by Ziad AbuZayyad
The issue of Palestinian refugees is at the core of the Palestinian-Israeli conflict, and an agreement on this core issue is central to the survival of any political settlement to the conflict. Palestinian refugees lived for more than six decades after the 1948 war with the dream that one day they would go back home. Although realities on the ground are changing and the picture etched in their memory or inherited from their fathers and grandfathers has changed, for any Palestinian refugee what matters in essence is the right of return. It is highly probable that the Palestinian houses do not exist anymore, or are inhabited by Jewish families that were told that now they have become the owners of these houses; yet, in the hearts and minds of the Palestinian refugees, these houses are still there, exactly as they were when their owners were forced to leave them. The same applies to the fields and the orchards — the paradise of orange groves. Many Palestinian refugees still carry the heavy iron keys to their houses or the deeds to their properties, waiting for their restitution.
On one hand, the right of return remains the code that inflames the nationalist feelings of the refugees, and the accusation of anyone accepting concessions on this right is reason enough to discredit that person in the eyes of his or her own people. On the other hand, Israel’s position as affirmed by David Ben-Gurion in 1949, immediately after Israel was accepted as a member of the United Nations, is “Not one refugee will be allowed back and no single inch of land will be returned.” Israel’s explanation for its refusal to allow the return of the Arab refugees has always been that it would change the character of Israel and convert it into an Arab or bi-national state, whereas it should continue to be a “Jewish” state, a homeland for the Jews, in accordance with UN Resolution 181, known as the “Partition Plan.” This resolution, which called for the establishment of two states, a Jewish and an Arab state, in the area of Mandatory Palestine, is considered as the only reference to Israel’s international legitimacy. However, Israel accepts this resolution only as a principle; it rejects the borders as stipulated in the resolution and insists on keeping within its borders large areas from the part designated for the Arab state, in addition to the International Zone of Jerusalem.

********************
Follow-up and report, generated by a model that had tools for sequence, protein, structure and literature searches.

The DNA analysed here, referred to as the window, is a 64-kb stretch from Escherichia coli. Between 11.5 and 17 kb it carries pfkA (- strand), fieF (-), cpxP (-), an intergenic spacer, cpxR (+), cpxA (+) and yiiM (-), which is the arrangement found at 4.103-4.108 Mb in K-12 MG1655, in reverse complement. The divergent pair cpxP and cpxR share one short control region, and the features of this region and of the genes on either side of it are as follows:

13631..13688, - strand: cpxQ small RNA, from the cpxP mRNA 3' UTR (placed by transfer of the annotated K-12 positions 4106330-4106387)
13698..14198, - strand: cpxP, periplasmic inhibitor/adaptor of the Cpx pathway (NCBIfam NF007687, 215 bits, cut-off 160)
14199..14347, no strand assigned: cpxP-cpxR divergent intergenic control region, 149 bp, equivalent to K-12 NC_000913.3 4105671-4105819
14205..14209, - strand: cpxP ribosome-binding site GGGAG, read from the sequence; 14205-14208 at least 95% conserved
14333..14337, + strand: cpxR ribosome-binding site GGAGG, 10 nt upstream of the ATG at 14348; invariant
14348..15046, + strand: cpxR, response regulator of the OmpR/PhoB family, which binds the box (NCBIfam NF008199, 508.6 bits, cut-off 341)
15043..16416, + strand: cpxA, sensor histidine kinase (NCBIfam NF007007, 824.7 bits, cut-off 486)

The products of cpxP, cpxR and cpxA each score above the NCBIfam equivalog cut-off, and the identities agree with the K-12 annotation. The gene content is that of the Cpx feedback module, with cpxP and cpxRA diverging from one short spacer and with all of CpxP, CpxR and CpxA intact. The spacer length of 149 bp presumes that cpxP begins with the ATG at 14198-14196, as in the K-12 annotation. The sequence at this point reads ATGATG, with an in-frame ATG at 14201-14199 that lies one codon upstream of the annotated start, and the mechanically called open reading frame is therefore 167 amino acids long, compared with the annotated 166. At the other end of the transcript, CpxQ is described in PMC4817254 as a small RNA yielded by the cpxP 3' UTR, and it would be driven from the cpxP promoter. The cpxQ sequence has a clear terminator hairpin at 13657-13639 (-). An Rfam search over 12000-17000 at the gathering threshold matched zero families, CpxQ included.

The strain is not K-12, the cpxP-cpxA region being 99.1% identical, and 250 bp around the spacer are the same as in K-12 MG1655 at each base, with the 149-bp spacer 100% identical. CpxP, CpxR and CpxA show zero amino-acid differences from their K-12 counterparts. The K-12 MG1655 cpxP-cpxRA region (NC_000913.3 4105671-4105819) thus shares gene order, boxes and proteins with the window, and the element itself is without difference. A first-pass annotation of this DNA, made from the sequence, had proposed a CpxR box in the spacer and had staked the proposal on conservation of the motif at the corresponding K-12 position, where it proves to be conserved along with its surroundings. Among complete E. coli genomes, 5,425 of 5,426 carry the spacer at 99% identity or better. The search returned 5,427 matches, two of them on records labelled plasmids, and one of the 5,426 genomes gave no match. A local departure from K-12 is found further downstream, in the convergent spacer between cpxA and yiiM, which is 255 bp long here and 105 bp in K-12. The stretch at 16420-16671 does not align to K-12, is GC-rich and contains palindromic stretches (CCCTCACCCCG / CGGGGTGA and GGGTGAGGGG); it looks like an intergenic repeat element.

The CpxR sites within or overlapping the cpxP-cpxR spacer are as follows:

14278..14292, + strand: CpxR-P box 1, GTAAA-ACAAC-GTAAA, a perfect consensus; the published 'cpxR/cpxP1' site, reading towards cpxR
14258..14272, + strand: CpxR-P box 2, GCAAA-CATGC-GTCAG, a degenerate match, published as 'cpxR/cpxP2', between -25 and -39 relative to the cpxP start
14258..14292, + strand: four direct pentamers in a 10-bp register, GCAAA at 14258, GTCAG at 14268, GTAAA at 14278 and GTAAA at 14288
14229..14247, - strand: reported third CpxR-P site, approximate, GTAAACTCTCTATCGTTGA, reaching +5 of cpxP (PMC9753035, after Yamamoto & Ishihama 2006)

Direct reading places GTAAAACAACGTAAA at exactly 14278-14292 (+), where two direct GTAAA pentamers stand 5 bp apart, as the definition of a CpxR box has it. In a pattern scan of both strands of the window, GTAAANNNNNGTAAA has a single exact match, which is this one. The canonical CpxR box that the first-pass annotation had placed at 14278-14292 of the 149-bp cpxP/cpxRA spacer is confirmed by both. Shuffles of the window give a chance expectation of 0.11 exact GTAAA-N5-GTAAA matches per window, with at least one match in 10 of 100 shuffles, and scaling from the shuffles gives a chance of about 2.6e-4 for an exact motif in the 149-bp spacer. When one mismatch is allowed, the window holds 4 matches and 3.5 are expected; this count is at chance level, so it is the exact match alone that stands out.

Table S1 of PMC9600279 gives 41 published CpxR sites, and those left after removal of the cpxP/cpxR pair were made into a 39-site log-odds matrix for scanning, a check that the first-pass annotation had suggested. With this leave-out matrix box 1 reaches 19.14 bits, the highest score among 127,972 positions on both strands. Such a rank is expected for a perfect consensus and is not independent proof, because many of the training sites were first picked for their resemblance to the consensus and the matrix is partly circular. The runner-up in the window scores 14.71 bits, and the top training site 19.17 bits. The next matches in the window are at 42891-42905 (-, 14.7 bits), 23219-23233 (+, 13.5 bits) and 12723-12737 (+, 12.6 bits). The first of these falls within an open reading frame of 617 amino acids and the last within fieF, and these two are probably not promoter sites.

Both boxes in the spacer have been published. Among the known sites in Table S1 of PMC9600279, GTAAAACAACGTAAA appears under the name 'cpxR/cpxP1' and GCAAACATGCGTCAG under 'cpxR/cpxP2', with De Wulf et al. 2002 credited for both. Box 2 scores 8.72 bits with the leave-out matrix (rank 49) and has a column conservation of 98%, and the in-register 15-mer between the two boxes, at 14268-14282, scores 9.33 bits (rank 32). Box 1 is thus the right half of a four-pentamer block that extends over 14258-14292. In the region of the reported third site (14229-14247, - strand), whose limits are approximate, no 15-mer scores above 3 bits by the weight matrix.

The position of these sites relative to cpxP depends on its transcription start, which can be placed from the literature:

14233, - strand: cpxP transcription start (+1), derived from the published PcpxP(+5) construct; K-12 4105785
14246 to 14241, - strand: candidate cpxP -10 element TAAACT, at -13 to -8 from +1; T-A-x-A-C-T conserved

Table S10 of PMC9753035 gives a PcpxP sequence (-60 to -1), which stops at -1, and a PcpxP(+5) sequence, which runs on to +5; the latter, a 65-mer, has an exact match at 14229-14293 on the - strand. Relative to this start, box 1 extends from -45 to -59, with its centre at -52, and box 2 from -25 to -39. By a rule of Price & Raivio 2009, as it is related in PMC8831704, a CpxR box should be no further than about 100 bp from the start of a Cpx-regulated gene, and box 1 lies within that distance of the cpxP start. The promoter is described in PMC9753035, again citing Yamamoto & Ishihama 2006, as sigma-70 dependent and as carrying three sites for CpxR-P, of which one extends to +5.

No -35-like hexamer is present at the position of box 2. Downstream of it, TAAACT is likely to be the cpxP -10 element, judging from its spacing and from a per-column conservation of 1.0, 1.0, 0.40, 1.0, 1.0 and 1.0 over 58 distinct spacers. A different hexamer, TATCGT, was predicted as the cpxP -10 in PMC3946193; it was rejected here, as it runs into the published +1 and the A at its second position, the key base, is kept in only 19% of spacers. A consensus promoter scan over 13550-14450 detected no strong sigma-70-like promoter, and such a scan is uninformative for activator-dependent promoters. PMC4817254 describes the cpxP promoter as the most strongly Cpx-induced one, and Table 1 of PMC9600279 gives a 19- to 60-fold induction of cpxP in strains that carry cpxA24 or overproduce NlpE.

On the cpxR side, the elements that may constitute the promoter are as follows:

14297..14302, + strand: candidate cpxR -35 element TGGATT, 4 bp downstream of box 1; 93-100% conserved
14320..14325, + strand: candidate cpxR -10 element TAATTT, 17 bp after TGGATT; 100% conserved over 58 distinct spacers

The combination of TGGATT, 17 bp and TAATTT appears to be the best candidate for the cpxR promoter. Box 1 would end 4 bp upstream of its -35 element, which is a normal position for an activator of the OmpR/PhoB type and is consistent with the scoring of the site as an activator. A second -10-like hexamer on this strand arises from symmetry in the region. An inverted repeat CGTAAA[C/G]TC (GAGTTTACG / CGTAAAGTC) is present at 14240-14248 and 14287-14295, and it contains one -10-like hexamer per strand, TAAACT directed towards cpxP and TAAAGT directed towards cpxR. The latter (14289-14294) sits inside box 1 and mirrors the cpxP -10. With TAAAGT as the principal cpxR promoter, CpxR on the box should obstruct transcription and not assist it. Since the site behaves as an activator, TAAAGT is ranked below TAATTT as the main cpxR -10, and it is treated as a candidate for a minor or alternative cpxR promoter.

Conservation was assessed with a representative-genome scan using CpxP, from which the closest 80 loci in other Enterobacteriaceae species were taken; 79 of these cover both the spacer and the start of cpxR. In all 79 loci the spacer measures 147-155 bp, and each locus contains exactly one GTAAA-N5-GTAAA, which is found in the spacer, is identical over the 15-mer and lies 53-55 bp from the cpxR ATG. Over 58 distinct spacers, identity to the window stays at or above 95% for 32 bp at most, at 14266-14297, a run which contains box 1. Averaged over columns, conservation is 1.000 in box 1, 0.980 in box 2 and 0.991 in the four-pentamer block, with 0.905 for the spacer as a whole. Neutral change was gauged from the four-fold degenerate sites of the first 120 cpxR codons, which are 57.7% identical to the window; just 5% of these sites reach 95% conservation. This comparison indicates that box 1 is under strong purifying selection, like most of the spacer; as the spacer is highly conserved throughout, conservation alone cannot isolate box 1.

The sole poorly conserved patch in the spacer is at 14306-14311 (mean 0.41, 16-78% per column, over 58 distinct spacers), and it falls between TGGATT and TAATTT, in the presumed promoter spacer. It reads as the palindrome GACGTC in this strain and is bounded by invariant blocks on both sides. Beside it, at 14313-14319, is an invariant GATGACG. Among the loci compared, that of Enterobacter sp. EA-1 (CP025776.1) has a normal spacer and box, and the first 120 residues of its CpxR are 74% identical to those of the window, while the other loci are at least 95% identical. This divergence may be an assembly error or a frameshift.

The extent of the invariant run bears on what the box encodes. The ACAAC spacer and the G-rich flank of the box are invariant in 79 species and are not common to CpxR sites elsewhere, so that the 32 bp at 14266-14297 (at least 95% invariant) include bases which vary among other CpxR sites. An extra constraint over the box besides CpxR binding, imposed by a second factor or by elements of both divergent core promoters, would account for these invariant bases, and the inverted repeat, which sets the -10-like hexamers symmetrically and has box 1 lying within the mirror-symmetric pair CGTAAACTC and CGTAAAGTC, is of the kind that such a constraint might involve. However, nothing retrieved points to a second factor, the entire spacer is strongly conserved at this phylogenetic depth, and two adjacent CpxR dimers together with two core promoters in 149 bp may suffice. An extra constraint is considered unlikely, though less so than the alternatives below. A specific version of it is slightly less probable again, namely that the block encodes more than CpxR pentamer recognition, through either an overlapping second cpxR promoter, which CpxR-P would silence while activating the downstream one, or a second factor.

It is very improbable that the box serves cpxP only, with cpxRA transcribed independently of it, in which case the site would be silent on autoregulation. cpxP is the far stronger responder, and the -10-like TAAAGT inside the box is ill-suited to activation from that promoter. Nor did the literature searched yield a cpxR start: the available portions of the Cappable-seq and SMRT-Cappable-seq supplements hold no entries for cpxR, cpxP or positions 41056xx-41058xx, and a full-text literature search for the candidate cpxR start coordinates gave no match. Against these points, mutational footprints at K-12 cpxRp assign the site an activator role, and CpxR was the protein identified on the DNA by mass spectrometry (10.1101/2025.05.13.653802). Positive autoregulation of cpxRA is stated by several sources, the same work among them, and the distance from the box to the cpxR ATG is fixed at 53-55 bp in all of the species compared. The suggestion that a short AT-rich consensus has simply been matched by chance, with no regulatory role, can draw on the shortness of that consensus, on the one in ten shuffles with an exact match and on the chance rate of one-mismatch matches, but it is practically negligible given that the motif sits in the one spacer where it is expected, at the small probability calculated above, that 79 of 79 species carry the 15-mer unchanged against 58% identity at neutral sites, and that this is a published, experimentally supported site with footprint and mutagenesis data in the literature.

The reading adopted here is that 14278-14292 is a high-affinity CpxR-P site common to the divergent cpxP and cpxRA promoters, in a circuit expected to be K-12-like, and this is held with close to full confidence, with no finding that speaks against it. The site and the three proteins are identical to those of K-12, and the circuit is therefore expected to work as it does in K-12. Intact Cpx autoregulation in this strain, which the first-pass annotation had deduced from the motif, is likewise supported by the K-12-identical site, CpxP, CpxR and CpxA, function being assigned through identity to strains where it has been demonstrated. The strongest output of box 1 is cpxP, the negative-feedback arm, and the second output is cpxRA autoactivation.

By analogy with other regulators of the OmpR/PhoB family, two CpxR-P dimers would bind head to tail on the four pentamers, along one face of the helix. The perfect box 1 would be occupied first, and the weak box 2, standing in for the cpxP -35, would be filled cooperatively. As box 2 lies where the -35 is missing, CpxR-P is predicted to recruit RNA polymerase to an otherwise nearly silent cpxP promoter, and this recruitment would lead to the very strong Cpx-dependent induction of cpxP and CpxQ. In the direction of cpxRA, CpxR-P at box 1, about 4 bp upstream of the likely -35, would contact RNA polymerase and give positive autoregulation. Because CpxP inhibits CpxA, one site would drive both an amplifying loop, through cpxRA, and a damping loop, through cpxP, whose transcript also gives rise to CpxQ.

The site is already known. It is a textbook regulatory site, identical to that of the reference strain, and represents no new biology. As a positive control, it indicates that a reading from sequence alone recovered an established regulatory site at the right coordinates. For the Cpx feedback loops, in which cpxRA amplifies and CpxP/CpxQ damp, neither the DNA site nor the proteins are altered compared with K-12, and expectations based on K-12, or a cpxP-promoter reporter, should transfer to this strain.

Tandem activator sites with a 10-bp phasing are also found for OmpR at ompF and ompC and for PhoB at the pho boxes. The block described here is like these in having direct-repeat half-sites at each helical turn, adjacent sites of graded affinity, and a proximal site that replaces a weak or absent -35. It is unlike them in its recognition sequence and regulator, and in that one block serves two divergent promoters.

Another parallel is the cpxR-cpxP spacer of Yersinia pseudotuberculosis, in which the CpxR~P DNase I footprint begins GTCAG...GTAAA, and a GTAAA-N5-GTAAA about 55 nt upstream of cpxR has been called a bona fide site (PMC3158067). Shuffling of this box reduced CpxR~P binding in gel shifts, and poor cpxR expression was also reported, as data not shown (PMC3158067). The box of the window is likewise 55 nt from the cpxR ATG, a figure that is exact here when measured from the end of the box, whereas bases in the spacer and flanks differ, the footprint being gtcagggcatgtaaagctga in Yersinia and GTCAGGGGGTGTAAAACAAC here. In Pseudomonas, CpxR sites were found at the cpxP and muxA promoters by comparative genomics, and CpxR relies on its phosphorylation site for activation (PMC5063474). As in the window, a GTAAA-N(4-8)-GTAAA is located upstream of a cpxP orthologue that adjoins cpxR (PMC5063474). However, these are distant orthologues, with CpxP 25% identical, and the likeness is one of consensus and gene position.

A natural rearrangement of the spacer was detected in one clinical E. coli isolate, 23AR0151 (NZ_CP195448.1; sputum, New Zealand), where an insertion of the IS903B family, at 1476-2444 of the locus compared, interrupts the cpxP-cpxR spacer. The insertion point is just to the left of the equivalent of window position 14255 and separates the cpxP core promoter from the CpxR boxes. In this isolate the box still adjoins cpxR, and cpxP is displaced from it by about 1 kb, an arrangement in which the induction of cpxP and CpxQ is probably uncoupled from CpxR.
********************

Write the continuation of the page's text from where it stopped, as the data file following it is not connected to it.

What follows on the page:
In the face of this reality, upon which both sides insist, we may find ourselves with our backs to the wall. No settlement to the Palestinian-Israeli conflict can be achieved without reaching a fair and just solution to the refugee problem. One side should relinquish its position, or both sides should take the necessary steps and meet somewhere along the spectrum between the two diametrically opposed positions.
In this issue, we will try to tackle this problem in its different aspects. Have any new positions emerged within the two communities? Can the two-state solution satisfy the ambitions, interests, and fears of both parties? Is there an alternative to the right of return? What about compensations? Can the refugees return to their homes without jeopardizing the Jewish character of the state of Israel? Could the right of return be exercised fully, partially or symbolically, facilitating an agreed-upon political solution to the conflict? What is the role of the international community in resolving this problem? And, finally, where are we headed if we do not adopt a realistic approach and try to resolve this conflict before it is too late?